Joel A. Tarr
Urban water supply and sewage disposal facilities are critical parts of the urban infrastructure. They have enabled cities and their metropolitan areas to function as centers of commerce, industry, entertainment, and human habitation. The evolution of water supply and sewage disposal systems in American cities from 1800 to 2015 is examined, with a focus on major turning points especially in regard to technological decisions, public policy, and environmental and public health issues.
The creation and evolution of urban parks is in some ways a familiar story, especially given the attention that Frederick Law Olmsted’s work has commanded since the early 1970s. Following the success of Central Park, cities across the United States began building parks to meet the recreational needs of residents, and during the second half of the 19th century, Olmsted and his partners designed major parks or park systems in thirty cities. Yet, even that story is incomplete. To be sure, Olmsted believed that every city should have a large rural park as an alternative to the density of building and crowding of the modern metropolis, a place to provide for an “unbending of the faculties,” a process of recuperation from the stresses and strains of urban life. But, even in the mid-1860s he sought to create alternative spaces for other types of recreation. Olmsted and his partner Calvert Vaux successfully persuaded the Prospect Park commission, in Brooklyn, New York, to acquire land for a parade ground south of the park as a place for military musters and athletics; moreover, in 1868 they prepared a plan for a park system in Buffalo, New York, that consisted of three parks, linked by parkways, that served different functions and provided for different forms of recreation. As the decades progressed, Olmsted became a champion of parks designed for active recreation; gymnasiums for women as well as men, especially in working-class areas of cities; and playgrounds for small children. He did so in part to relieve pressure on the large landscape parks to accommodate uses he believed would be inappropriate, but also because he recognized the legitimate demands for new forms of recreation. In later years, other park designers and administrators would similarly add facilities for active recreation, though sometimes in ways that compromised what Olmsted considered the primary purpose of a public park. Urban parks are, in important ways, a microcosm of the nation’s cities. Battles over location, financing, political patronage, and use have been a constant. Through it all, parks have evolved to meet the changing recreational needs of residents. And, as dominant a figure as Olmsted has been, this is a story that antedates his professional career and that includes the many voices that have shaped public parks in U.S. cities in the 20th century.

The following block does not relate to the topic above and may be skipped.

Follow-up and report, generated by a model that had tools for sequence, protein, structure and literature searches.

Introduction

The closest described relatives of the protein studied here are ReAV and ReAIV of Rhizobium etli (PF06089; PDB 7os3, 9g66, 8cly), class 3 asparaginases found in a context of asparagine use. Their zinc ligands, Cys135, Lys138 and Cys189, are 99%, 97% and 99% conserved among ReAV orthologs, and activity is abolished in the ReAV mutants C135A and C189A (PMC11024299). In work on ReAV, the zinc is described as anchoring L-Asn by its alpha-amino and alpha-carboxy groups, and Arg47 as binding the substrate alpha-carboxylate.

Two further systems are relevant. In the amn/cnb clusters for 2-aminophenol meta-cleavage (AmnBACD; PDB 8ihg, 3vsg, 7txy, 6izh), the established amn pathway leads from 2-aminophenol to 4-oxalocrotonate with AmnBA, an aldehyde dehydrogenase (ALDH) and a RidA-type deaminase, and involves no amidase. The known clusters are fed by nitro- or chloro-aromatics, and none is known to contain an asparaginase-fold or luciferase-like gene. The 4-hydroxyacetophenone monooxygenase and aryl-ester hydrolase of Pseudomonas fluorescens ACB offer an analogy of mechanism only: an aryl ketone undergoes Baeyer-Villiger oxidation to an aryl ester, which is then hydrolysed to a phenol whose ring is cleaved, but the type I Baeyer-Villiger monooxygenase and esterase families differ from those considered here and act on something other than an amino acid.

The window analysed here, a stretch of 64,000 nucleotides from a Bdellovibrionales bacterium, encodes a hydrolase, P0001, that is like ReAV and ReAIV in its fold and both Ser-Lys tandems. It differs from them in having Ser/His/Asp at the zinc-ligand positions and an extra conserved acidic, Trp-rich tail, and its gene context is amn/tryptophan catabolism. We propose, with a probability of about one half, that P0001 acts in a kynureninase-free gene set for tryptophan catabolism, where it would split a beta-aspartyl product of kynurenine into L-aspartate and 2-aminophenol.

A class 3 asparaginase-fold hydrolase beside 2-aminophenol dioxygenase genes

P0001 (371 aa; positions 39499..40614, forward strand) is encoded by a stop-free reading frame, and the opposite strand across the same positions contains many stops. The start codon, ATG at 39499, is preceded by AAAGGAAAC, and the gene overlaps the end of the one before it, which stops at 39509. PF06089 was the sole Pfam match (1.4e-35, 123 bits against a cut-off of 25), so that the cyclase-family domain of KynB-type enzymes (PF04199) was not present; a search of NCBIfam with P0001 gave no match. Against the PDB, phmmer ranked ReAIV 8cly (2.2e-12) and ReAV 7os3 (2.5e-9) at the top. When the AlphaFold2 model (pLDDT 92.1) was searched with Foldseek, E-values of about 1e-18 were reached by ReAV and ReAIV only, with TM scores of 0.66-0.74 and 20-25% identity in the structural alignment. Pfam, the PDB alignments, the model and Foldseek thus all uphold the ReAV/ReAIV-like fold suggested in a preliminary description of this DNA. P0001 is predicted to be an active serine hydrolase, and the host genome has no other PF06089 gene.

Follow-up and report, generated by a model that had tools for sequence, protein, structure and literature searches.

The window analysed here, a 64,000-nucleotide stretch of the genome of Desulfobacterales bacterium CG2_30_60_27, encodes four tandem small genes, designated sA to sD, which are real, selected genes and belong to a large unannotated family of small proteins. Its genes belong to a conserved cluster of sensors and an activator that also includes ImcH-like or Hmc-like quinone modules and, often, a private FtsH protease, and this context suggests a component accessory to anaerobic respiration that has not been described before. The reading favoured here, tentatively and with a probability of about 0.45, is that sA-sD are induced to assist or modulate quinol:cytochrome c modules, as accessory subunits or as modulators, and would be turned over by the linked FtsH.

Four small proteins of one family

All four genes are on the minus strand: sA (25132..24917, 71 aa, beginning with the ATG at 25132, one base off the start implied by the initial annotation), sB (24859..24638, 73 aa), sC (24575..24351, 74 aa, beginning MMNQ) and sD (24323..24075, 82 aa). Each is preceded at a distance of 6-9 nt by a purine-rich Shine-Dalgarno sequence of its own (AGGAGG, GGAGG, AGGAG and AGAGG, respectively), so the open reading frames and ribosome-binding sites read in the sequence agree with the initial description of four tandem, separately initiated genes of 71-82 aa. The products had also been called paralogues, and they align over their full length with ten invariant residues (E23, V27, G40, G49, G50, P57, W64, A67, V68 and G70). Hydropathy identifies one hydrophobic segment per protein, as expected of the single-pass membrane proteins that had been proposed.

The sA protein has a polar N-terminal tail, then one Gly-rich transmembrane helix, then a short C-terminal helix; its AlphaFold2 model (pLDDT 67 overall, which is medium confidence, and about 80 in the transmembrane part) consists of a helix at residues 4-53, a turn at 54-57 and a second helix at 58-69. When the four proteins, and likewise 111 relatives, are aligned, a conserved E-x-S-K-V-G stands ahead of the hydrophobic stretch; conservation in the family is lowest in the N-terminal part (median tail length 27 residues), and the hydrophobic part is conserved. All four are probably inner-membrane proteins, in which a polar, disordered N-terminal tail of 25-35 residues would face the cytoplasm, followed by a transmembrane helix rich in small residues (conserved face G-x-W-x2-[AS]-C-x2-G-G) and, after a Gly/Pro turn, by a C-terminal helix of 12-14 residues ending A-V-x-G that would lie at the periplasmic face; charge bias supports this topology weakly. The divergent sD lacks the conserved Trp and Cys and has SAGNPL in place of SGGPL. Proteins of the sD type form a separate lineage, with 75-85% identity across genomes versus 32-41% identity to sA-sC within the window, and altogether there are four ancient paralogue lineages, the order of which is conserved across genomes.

Megan Kate Nelson
During the American Civil War, Union and Confederate commanders made the capture and destruction of enemy cities a central feature of their military campaigns. They did so for two reasons. First, most mid-19th-century cities had factories, foundries, and warehouses within their borders, churning out and storing war materiel; military officials believed that if they interrupted or incapacitated the enemy’s ability to arm or clothe themselves, the war would end. Second, it was believed that the widespread destruction of property—especially in major or capital cities—would also damage civilians’ morale, undermining their political convictions and decreasing their support for the war effort.
Both Union and Confederate armies bombarded and burned cities with these goals in mind. Sometimes they fought battles on city streets but more often, Union troops initiated long-term sieges in order to capture Confederate cities and demoralize their inhabitants. Soldiers on both sides were motivated by vengeance when they set fire to city businesses and homes; these acts were controversial, as was defensive burning—the deliberate destruction of one’s own urban center in order to keep its war materiel out of the hands of the enemy.
Urban destruction, particularly long-term sieges, took a psychological toll on (mostly southern) city residents. Many were wounded, lost property, or were forced to become refugees. Because of this, the destruction of cities during the American Civil War provoked widespread discussions about the nature of “civilized warfare” and the role that civilians played in military strategy. Both soldiers and civilians tried to make sense of the destruction of cities in writing, and also in illustrations and photographs; images in particular shaped both northern and southern memories of the war and its costs.